China’s New ‘Standard Map’

  • 01 Sep 2023

Recently, China has unveiled its official "standard map," asserting territorial claims over Arunachal Pradesh, Aksai Chin, Taiwan, and the South China Sea, a move that has drawn strong reactions from India and other nations.

Key Points:

  • Strong Indian Reaction: India's Foreign Minister criticized China's act of releasing the map, referring to it as "absurd claims" that would not alter the status of these territories.
  • India lodged a strong protest against China's map.
  • India's External Affairs Ministry Spokesperson reiterated that Arunachal Pradesh is an integral part of India and dismissed China's claims.
  • Previous Incidents: This incident follows earlier attempts by China in April to rename 11 places in Arunachal Pradesh, which were similarly rejected by India.
  • BRICS Summit Interaction: Last week, during the 15th BRICS Summit in Johannesburg, Indian Prime Minister and the Chinese President had a brief interaction where they discussed "unresolved issues" along the Line of Actual Control (LAC) and agreed to work towards early disengagement and de-escalation.
  • Standoff Situation: India and China have been in a standoff for the past three years, with deteriorating relations due to tensions along the Line of Actual Control (LAC).
  • The two nations have held 19 rounds of talks to address boundary issues in eastern Ladakh since 2020.

Basis of Chinese Claims on Ladakh and Arunachal Pradesh

  • Tibetan Claims Leading to Chinese Assertions: The Chinese claims over Aksai Chin, Ladakh, and Arunachal Pradesh are deeply rooted in Tibet's historical claims. China argues that if Tibet is an integral part of China, any territorial demands made by Tibet over these regions are inherently China's claims.
  • Tibetan Claims Post-Independence: In 1959, India's first Prime Minister, Jawaharlal Nehru, revealed to the Lok Sabha (Indian Parliament) that shortly after India's independence in 1947, the Tibetan government had put forward territorial claims.
  • China's Perspective on Ladakh and Arunachal: China's stance on Ladakh is centered on the belief that it forms an integral part of the western region of Tibet. In the case of Arunachal Pradesh, China considers it part of southern Tibet. The key to this claim lies in the Tawang monastery, a significant Buddhist institution located in Arunachal Pradesh.
  • Tawang Monastery and Historical Influence: From a broader Tibetan viewpoint, the Tawang monastery is regarded as an indispensable element of the Tibetan Gelug theocratic institution. Consequently, it is argued that Tawang should remain closely linked to Tibet. Historical records suggest that Lhasa, the capital of Tibet, continued to wield both spiritual and temporal authority over Monyul (Tawang).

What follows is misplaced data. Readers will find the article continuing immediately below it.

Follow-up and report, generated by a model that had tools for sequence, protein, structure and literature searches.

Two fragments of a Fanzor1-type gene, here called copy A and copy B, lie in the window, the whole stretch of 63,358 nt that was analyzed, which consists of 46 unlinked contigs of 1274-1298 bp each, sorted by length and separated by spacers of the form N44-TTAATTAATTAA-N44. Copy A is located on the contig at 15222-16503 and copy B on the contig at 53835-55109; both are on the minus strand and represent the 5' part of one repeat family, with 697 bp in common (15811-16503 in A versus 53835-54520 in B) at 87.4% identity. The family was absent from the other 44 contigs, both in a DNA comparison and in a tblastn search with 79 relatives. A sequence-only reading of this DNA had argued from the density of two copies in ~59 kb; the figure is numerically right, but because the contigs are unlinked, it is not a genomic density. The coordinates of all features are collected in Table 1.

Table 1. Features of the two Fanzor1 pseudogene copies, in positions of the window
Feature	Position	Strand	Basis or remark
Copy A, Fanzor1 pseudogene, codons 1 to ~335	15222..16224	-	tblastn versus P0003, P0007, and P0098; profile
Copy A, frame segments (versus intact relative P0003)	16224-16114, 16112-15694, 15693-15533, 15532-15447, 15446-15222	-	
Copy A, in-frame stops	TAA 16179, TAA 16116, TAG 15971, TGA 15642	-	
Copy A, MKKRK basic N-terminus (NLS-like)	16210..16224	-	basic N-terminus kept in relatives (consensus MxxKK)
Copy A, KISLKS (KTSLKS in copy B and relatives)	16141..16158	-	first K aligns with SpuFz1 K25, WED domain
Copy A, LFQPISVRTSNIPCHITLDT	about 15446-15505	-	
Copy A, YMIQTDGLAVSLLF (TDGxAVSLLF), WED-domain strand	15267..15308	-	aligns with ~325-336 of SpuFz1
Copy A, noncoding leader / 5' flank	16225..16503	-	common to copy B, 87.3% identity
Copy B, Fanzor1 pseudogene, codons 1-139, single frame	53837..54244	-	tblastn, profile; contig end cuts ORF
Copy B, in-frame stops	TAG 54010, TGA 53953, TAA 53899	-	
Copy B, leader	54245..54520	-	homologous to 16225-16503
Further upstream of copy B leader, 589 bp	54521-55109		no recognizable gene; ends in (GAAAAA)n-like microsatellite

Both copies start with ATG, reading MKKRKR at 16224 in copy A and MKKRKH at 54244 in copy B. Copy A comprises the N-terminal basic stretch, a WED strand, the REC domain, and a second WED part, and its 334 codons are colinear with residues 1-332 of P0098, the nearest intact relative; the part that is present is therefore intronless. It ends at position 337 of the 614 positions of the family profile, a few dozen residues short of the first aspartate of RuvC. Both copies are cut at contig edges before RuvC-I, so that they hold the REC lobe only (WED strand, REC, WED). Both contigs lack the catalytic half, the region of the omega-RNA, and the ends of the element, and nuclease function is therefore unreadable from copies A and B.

• British India's ability to enforce the Simla Convention in the region remained limited until 1938, as documented by Phunchok Stobdan in his book "The Great Game in the Buddhist Himalayas: India and China's Quest for Strategic Dominance."

Territorial Claims and Disputes: A Comprehensive Overview

  • Bhutan: China's territorial claims on Bhutan have expanded beyond the 2017 standoff in Doklam Plateau.
  • Nepal: China's territorial disputes with Nepal trace back to the Sino-Nepal War in 1788-1792, during which Beijing asserted that these regions were part of Tibet and, by extension, China.
  • The Yellow Sea and the East China Sea: China faces Exclusive Economic Zone (EEZ) disputes with North and South Korea in the Yellow Sea and with South Korea and Japan in the East China Sea. Additionally, it claims the Senkaku/Diaoyu Islands of Japan in the East China Sea.
  • South China Sea: China asserts ownership of nearly the entire South China Sea, citing "historic rights." This region is vital for maritime trade, handling annual trade worth $3.5 trillion. Multiple disputes over islands, boundaries, and waters involve Taiwan, Brunei, Indonesia, Malaysia, Singapore, Philippines, and Vietnam.
  • Koreas: China claims the entire Korean peninsula due to historical ties, dating back to the Yuan Dynasty. Tensions also exist over the Baekdu Mountain.
  • Russia: Despite agreements, China unilaterally asserts control over 160,000 sq km of Russia's territory, particularly in Far East Russia, which is rich in resources. Recent controversies arose over Vladivostok's history, with some claiming it belonged to China during the Qing Dynasty.
  • Tajikistan, Laos, Cambodia, and Mongolia: Historical Precedents: China cites historic precedents, particularly under the Yuan and Ming Dynasties, to claim parts of Tajikistan, most of Laos, segments of Cambodia, and all of Mongolia.
  • Tibet: An Ongoing Controversy: China claims Tibet as part of its sovereign territory, referencing its rule during the Yuan Dynasty. Modern Tibet is divided, with the Tibet Autonomous Region under direct Chinese control.